Mountains of Rockall

The Lóda na Núille as seen from the edge of An Uinnia.

The Lóda na Núille (Rockallian for: Mountains of Mist) are a mountain range in the nation of Rockall in the Seafaring Confederation. They make up approximately 87% of all the islands of the Earldom of Rockall. The highest point is Buaic na nÉairreache (Peak of Snow) on the border of the viscountcies of An Móir Leautheinn, An Thir na tÁirdteachd and Cóste Ígheainne with 3,123 metres.

The Lóda na Núille are part of the Caledonide mountain range of which the Highlands and the Scandinavian mountains are also part. The mountains in the northeast are separated from each other by the Highland Boundary Fault.


Lóda na Núille

Lóda na Núille area.

The Lóda na Núille lie mostly central in the island lying in such a location that they have earned the nickname An gCnáimh na Chúille, "the Backbone".

The mountains cover approximately 78% of the Earldom to some extent, meaning that the land still has a rocky underground that is no deeper than 2 metres underneath the surface. The mountains are present in every viscountcy and in every barony, though not in every baronetcy.



The Lóda na Núille are a caledonide mountain range, which means that they share the same geology with the Scandinavian Mountains in Scandinavia, the Grampian Mountains in the Highlands and Scotland, and the Appalachian Mountains in North America.

The higher mountain tops are mostly granite with lower layers of softer rock, the softest of which, limestone, has often been eroded away over the centuries to form massive cave systems like the Heaoinnighléafhenóigéaoith caves on Gléaoinnenoileun or the Ceoinnealuimha in Cóste Ígheainne. It is also believed that the Valley of Eternal Rain was created by the internal erosion of limestone to the point that the granite covering the eroded cave collapsed under its own weight, creating the valley.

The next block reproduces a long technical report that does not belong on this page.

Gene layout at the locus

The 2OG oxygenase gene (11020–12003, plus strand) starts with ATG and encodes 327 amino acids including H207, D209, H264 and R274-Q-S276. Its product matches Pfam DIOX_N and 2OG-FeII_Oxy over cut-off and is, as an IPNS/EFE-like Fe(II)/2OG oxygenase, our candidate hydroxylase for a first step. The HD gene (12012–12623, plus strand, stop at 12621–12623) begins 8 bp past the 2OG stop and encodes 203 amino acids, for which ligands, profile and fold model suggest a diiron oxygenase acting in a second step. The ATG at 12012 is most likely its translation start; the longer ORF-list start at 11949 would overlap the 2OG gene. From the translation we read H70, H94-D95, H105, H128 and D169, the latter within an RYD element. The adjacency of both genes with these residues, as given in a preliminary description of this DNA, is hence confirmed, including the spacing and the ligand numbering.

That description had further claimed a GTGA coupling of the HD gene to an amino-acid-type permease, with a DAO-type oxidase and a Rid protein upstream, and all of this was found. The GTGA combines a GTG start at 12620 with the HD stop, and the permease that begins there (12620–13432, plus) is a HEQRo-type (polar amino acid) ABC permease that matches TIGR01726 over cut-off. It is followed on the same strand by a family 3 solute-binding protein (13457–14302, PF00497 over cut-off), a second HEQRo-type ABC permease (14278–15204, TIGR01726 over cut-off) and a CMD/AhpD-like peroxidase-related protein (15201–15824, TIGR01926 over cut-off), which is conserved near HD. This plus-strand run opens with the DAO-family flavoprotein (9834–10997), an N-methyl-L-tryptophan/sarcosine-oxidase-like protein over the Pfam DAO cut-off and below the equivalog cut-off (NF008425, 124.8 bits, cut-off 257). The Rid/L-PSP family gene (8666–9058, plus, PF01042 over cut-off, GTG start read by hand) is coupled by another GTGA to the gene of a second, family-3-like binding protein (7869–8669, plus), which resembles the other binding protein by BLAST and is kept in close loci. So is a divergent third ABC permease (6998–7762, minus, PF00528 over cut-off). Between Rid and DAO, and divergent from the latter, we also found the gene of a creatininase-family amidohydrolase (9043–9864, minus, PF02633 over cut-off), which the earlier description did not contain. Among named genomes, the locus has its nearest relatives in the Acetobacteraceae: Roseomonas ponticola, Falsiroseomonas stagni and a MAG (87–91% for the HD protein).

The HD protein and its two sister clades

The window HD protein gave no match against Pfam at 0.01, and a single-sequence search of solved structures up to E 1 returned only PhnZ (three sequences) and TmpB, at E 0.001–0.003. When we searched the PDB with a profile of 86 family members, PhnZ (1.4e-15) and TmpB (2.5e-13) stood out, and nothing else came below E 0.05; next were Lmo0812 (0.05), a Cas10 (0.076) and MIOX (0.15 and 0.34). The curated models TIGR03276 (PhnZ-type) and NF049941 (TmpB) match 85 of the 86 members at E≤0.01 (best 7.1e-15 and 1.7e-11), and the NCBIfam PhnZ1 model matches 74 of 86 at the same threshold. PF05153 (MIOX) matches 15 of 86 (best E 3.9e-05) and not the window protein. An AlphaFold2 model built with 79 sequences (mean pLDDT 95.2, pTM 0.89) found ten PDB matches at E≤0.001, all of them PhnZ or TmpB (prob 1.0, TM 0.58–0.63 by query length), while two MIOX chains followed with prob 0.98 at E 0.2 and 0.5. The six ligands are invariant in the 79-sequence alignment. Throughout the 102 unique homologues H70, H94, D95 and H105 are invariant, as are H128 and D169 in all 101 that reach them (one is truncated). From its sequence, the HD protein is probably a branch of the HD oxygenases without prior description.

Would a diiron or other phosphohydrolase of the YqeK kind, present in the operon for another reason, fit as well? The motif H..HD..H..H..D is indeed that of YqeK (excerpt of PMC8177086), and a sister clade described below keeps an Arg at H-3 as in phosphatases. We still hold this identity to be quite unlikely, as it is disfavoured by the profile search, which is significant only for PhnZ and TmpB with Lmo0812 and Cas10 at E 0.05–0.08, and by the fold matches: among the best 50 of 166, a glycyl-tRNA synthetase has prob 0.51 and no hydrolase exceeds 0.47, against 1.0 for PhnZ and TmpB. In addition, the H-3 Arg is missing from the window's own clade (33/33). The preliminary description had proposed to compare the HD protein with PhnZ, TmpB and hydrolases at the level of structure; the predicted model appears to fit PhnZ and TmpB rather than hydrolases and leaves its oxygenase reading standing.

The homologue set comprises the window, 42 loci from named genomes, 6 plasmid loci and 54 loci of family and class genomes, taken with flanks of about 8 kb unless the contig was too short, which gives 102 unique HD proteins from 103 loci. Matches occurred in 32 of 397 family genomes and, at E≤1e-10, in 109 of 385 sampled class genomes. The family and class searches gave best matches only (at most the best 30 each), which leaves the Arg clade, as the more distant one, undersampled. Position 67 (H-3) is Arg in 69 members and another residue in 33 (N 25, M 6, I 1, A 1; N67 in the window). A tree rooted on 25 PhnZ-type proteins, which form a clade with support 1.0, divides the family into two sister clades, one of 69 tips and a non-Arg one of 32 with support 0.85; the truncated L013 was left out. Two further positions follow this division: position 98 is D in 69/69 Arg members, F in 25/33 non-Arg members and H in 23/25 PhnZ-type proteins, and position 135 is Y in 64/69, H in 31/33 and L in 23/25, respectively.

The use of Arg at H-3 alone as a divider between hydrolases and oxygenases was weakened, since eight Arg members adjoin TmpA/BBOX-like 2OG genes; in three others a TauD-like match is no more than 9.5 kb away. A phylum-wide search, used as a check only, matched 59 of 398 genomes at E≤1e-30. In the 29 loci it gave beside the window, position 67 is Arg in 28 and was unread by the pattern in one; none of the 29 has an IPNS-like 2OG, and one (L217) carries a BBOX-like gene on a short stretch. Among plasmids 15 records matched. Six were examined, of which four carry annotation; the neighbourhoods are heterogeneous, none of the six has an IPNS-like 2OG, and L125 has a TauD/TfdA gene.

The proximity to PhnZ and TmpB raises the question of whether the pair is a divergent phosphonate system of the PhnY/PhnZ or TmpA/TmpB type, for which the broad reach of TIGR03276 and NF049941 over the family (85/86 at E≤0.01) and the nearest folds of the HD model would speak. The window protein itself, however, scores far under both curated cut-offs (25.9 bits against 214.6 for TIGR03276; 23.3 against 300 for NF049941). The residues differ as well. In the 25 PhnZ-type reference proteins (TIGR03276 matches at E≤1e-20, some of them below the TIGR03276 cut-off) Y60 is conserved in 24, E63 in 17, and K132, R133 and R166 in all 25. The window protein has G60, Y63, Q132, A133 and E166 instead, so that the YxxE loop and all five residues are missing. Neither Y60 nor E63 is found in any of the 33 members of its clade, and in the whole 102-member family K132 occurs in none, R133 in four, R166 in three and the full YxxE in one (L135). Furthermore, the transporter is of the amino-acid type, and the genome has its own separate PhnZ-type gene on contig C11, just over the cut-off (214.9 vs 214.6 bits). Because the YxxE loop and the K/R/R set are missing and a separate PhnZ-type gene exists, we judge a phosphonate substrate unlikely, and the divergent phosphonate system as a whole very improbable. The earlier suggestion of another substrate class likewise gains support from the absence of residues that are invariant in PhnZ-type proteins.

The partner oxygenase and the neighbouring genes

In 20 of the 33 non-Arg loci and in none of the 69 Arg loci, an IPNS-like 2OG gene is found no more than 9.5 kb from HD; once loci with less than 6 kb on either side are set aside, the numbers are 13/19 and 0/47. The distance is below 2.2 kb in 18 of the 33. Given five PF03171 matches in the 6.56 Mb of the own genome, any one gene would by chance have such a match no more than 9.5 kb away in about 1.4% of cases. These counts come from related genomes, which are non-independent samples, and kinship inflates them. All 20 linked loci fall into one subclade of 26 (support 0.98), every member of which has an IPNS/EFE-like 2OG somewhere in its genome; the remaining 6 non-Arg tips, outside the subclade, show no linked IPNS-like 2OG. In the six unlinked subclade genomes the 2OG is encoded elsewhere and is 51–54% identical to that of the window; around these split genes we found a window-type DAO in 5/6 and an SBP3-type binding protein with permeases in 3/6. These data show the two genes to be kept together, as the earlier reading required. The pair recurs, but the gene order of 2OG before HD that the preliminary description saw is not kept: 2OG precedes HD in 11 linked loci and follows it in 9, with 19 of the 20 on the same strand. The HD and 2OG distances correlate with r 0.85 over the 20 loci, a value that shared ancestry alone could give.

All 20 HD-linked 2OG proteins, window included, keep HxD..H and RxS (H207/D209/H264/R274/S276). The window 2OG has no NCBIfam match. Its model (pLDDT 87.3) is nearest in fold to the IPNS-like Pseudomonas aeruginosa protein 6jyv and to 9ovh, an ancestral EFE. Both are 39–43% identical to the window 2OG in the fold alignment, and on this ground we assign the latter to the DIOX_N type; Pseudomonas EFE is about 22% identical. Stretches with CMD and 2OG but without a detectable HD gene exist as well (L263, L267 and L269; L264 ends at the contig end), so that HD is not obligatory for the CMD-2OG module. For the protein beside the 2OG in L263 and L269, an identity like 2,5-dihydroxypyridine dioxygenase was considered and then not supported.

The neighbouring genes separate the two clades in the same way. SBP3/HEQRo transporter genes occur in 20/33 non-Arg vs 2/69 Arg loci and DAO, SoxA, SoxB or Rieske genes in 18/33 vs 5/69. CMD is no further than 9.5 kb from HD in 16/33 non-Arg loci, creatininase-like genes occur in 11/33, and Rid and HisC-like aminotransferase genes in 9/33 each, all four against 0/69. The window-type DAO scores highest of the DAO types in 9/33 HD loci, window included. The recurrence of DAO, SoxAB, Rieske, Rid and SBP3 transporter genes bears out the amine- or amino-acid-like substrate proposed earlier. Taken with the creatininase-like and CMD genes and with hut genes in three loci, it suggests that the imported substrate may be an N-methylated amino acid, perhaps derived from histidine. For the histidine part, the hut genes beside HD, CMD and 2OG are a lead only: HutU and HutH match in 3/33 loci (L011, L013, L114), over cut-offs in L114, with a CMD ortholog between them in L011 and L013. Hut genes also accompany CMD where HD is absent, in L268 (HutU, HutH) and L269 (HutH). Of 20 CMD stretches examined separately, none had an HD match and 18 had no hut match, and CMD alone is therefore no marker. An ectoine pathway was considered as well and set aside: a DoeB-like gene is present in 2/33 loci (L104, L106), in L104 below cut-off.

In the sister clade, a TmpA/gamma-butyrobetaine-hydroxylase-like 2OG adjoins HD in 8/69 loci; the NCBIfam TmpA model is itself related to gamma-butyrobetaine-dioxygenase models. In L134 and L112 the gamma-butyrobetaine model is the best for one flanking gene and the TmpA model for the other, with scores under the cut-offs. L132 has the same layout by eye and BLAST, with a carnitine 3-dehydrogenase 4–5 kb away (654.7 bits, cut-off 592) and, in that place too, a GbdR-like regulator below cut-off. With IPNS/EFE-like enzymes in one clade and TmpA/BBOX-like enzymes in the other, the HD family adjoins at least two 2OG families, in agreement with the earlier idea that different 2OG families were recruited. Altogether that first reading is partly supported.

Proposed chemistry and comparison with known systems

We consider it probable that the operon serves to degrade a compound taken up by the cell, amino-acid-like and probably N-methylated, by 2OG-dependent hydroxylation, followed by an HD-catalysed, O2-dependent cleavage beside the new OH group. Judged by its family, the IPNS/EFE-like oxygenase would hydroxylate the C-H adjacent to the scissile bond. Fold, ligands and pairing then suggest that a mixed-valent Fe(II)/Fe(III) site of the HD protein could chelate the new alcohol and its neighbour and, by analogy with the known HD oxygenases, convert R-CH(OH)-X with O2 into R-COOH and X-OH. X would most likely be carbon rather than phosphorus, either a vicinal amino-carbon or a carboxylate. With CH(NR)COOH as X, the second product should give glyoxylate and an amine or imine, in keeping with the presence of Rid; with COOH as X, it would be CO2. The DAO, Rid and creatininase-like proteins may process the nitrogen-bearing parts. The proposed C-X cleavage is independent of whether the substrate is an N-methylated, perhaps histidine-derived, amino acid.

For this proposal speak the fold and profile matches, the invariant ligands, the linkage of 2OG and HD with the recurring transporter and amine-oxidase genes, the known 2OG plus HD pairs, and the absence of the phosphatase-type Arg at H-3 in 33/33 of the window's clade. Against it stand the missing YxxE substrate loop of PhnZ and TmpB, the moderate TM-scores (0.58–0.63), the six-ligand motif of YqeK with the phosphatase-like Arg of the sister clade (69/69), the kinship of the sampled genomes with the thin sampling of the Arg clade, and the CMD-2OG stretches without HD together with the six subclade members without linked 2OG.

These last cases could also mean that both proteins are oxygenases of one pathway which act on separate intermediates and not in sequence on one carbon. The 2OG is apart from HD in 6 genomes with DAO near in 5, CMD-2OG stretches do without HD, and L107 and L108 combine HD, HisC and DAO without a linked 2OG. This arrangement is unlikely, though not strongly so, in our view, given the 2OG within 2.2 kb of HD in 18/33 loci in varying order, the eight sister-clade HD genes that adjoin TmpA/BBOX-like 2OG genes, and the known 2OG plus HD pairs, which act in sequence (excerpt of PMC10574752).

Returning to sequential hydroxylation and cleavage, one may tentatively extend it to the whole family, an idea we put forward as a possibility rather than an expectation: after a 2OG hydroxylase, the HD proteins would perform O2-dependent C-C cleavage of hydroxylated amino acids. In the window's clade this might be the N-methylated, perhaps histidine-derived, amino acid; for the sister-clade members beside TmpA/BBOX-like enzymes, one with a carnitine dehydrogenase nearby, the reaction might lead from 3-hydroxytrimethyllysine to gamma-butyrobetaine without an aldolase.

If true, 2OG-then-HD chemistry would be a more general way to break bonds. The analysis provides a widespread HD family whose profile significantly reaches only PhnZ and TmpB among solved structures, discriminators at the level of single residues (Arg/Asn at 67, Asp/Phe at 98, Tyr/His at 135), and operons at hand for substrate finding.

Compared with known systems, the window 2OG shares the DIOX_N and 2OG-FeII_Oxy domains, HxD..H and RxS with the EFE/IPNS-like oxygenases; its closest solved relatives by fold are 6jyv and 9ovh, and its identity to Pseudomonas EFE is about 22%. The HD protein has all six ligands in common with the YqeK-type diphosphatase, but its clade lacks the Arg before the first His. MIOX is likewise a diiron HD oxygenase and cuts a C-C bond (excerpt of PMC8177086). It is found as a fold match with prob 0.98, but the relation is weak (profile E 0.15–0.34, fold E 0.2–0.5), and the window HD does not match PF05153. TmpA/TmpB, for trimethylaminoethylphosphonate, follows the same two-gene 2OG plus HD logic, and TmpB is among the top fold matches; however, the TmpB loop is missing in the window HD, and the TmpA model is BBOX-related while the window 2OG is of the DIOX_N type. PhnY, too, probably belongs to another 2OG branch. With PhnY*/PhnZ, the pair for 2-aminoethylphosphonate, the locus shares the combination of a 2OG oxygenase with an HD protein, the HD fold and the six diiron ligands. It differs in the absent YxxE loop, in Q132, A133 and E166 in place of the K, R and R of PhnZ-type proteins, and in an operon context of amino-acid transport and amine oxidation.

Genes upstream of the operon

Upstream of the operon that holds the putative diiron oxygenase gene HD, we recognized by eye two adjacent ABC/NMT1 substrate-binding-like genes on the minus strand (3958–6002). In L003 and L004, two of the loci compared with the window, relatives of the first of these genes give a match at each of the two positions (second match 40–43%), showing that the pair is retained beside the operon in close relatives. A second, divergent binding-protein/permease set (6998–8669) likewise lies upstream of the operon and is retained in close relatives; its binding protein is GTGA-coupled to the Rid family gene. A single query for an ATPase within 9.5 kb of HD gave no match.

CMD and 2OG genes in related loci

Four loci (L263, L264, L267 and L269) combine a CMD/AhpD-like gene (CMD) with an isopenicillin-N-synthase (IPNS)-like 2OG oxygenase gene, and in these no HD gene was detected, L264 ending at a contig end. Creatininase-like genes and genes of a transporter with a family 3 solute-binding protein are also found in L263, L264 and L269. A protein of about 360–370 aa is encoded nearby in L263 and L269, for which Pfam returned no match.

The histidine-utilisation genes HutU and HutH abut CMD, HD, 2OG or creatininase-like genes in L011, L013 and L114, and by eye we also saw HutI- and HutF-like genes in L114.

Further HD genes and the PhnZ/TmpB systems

The Lóda na Núille are present in every viscountcy of the Earldom, in some cases even creating the natural border between one viscountcy and the other.

Of the 282 baronetcies, 188 are geographically fully located in the mountains. An additional 46 baronetcies are located partially in the mountains. Of the 282 baronetcies, only 48 are not located in the mountains at all, and this usually only due to their small size. This means that 66.7% of the baronetcies is located completely in mountainous area, and that 83% is at least partially located in the mountains.


The Lóda na Núille are covered by many different floral species, most of which are grasses and flowers. Depending on the attitude, the kinds of grasses and the kinds of flowers may differ, with several common as well as endemic species and, due to interaction with the Alpine Nations, also several Alpine flowers, e.g. the Edelweiss.

The forests of the lower altitudes are mostly fully deciduous temperate rainforests with plates, chestnuts, oaks, fruit trees and birches, with an undergrowth that usually consists of a large variety of common, rare and endemic ferns and bushes. The forests of the higher altitudes are usually a mix of deciduous and coniferous, although the top belt, along the tree line, tends to be completely coniferous, with especially many larches.


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